cycleways, but also used by pedestrians and sometimes
On Thu, May 21, 2020 at 3:49 PM Mateusz Konieczny via Tagging <
> > There is also an old problem how large footway should be to qualify as
a pedestrian road,
> > with varied opinions.
> Would you also say then that a way tagged as
On Thu, May 21, 2020 at 3:15 PM Volker Schmidt wrote:
> Please use full tagging and don't create implicit values after the fact.
> We do have the width or est_width tags,tets use them, where they are
I agree! For the way in question, I tagged its width (as well as
On Thu, May 21, 2020 at 1:35 PM Mateusz Konieczny via Tagging <
> May 21, 2020, 19:20 by miketh...@gmail.com:
> So are we saying highway=path/cycleway/footway implies width<3 (or some
> Yes, but it may be larger. Especially busy
On Thu, May 21, 2020 at 9:24 AM brad wrote:
> I don't agree with calling a 2 track/road a path and I don't think that
common usage, or the wiki says this either.
It is not really "2 track" as its surface is uniformly graded and covered
with gravel from side to side (there are not separate ruts
On Wed, May 20, 2020, 8:11 PM Warin <61sundow...@gmail.com> wrote:
> There are no tags on the way to suggest it is not a 'track'.
> Motor vehicles are not excluded in anyway, for example
'motor_vehicle=private, comment=Recreational use, motor vehicles for
While it is not
On Wed, May 20, 2020 at 12:09 PM Mike Thompson wrote:
> On Wed, May 20, 2020 at 11:57 AM Joseph Eisenberg
> > However, if you are talking about a paved multi-use path, bicycle path or
> > footway which happens to be 3 or 4 meters wide and therefore a p
On Wed, May 20, 2020 at 11:57 AM Joseph Eisenberg
> However, if you are talking about a paved multi-use path, bicycle path or
> footway which happens to be 3 or 4 meters wide and therefore a police car or
> emergency vehicle can fit, generally these are still mapped as
Just because a trail is wide enough to accommodate a four wheeled
vehicle does that make it highway=track if it was constructed for, and
its primary and intended use is for, recreation and not for forestry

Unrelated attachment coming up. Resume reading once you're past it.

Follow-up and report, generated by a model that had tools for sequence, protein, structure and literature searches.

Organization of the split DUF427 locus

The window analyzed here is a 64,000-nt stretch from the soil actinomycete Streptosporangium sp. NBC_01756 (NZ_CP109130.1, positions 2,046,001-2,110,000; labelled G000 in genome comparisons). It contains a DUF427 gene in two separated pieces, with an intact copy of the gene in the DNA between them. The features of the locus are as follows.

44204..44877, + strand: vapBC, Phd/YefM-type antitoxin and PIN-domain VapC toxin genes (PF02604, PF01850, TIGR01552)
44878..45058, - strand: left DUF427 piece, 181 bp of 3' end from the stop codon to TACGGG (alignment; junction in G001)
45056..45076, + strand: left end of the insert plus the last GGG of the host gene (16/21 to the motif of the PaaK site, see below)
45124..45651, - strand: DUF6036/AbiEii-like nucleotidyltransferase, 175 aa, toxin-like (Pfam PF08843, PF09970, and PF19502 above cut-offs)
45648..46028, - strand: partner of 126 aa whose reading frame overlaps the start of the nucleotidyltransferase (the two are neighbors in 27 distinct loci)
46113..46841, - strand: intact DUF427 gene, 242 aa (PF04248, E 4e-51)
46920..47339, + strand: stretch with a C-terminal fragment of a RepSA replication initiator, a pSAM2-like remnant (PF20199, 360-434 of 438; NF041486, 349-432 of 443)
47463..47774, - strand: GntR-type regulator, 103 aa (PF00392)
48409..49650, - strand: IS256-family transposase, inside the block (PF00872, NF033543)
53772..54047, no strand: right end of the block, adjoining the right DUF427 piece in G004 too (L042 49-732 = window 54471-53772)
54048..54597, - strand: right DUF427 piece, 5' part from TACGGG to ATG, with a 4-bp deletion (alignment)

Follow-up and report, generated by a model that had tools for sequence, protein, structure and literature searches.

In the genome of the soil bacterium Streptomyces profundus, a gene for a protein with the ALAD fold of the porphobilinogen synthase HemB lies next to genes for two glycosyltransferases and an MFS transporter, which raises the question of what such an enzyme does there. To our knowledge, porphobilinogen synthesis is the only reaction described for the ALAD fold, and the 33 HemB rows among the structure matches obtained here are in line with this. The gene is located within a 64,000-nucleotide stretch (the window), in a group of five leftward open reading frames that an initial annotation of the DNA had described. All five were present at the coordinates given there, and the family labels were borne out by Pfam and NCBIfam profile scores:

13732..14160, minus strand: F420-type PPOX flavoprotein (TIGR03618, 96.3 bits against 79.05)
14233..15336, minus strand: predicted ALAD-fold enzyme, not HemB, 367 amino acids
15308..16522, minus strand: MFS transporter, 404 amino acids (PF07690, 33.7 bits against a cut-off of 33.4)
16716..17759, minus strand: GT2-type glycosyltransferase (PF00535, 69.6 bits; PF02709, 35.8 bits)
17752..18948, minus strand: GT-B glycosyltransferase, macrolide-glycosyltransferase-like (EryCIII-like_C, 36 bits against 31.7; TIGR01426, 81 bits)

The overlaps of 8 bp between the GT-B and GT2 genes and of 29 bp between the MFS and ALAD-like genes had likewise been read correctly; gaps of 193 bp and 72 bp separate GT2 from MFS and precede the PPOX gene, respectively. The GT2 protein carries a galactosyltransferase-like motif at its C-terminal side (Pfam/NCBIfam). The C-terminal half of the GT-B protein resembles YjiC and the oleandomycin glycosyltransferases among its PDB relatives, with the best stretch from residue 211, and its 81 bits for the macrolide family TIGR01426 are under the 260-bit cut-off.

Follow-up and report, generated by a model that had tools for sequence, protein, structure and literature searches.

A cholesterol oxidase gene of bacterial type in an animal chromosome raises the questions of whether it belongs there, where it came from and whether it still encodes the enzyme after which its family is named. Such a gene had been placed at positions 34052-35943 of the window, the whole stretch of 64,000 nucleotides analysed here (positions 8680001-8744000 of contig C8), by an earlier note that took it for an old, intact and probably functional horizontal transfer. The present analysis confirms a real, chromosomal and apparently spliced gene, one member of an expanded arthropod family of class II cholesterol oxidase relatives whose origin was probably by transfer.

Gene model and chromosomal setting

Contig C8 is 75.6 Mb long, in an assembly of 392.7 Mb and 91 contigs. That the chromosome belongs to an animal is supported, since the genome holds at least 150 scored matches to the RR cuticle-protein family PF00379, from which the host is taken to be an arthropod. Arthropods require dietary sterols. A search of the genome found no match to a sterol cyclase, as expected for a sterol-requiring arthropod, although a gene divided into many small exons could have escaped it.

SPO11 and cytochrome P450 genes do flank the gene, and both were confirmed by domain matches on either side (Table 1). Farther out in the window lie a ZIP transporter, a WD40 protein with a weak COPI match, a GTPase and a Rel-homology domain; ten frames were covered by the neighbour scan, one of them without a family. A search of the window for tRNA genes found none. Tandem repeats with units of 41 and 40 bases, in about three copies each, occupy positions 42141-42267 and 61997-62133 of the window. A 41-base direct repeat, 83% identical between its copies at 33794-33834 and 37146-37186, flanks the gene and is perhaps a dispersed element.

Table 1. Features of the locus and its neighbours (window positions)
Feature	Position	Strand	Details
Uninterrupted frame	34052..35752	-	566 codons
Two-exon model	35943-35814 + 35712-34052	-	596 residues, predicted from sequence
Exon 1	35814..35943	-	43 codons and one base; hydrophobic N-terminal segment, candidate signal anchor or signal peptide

or agriculture access?
Thanks for the suggestions and discussion. I have implemented
foot:conditional = yes @ running
Tagging mailing list
On Sat, May 2, 2020 at 1:02 AM Peter Elderson wrote:
> How is this access preference indicated?
There are signs that say something like "No Hiking, ... Mtn Bikes,
Horses, and Trail Runners Only"
Tagging mailing list
On Fri, May 1, 2020 at 5:49 PM Martin Koppenhoefer
> Another idea could be to introduce “running” as a new state of foot, e.g.
> foot:conditional =yes @ running
That makes sense to me. I will wait and see if anyone has any
objections or better ideas, and if not,
On Fri, May 1, 2020 at 4:37 PM Jmapb wrote:
> minspeed:foot? A value of around 6 or 7 (default unit is km/hour) should
> separate the fast walkers from the joggers. Of course it's anyone's
> guess if there would ever be any software support for this key.
We have a trail  around here where walking/hiking is not allowed,
but running is. Currently it is tagged foot=yes, which doesn't give
the full story. In case you are wondering how such a situation could
come about, it is because the land manager wants faster traffic (trail
On Fri, May 1, 2020 at 9:26 AM Philip Barnes wrote:
> I agree with AEL, people who live in there tend to take that into
> account when they buy vehicles and tend to own 4x4s.
These are all roads which a normal car can navigate. Not everyone that
lives in these areas drives a 4x4.
On Thu, Apr 30, 2020 at 4:15 PM Tod Fitch wrote:
> In the rural southern Arizona community where my parents retired the only
> real way to tell the difference between a track and a service+driveway+upaved
> is whether you end up at a house in a reasonable amount of distance.
In all of the
On Thu, Apr 30, 2020 at 2:45 PM Greg Troxel wrote:
> Not really germane to driveways, but a major distinction, at least
> around me (ma.us) is that
> a road is a legal thing, with its own parcel
> a track is an agricultural road, or old time logging road, within a
On Thu, Apr 30, 2020 at 1:28 PM ael wrote:
> I would not be comfortable tagging very rough tracks as anything but a track:
> if it requires a 4 wheel drive or agricultural vehicle to negotiate.
> I think a "road" normally implies navigation with a standard vehicle is
> possible. In general that
I have always been under the impression that the highway tag should be
based off of function. Recently I have come across a number of cases
where driveways and residential roads were tagged "highway=track"
(perhaps because they are unpaved?), e.g. . Before I change these,
I wanted to
On Sat, Feb 1, 2020 at 8:49 AM St Niklaas wrote:
> Hi All,
> IMHO it is never a well taken decision to tag a path / bridleway for
> walking or pedestrians at the same time. Ill shut up when walking a path
> and Equestrians have been using the same trail or path, a horseshoe tends
On Mon, Jan 27, 2020 at 1:32 PM Paul Johnson wrote:
> On Mon, Jan 27, 2020 at 2:16 PM Mike Thompson wrote:
>> Here is an example of a major trail in the area where I live:
https://www.openstreetmap.org/way/385367054 which someone has tagged as a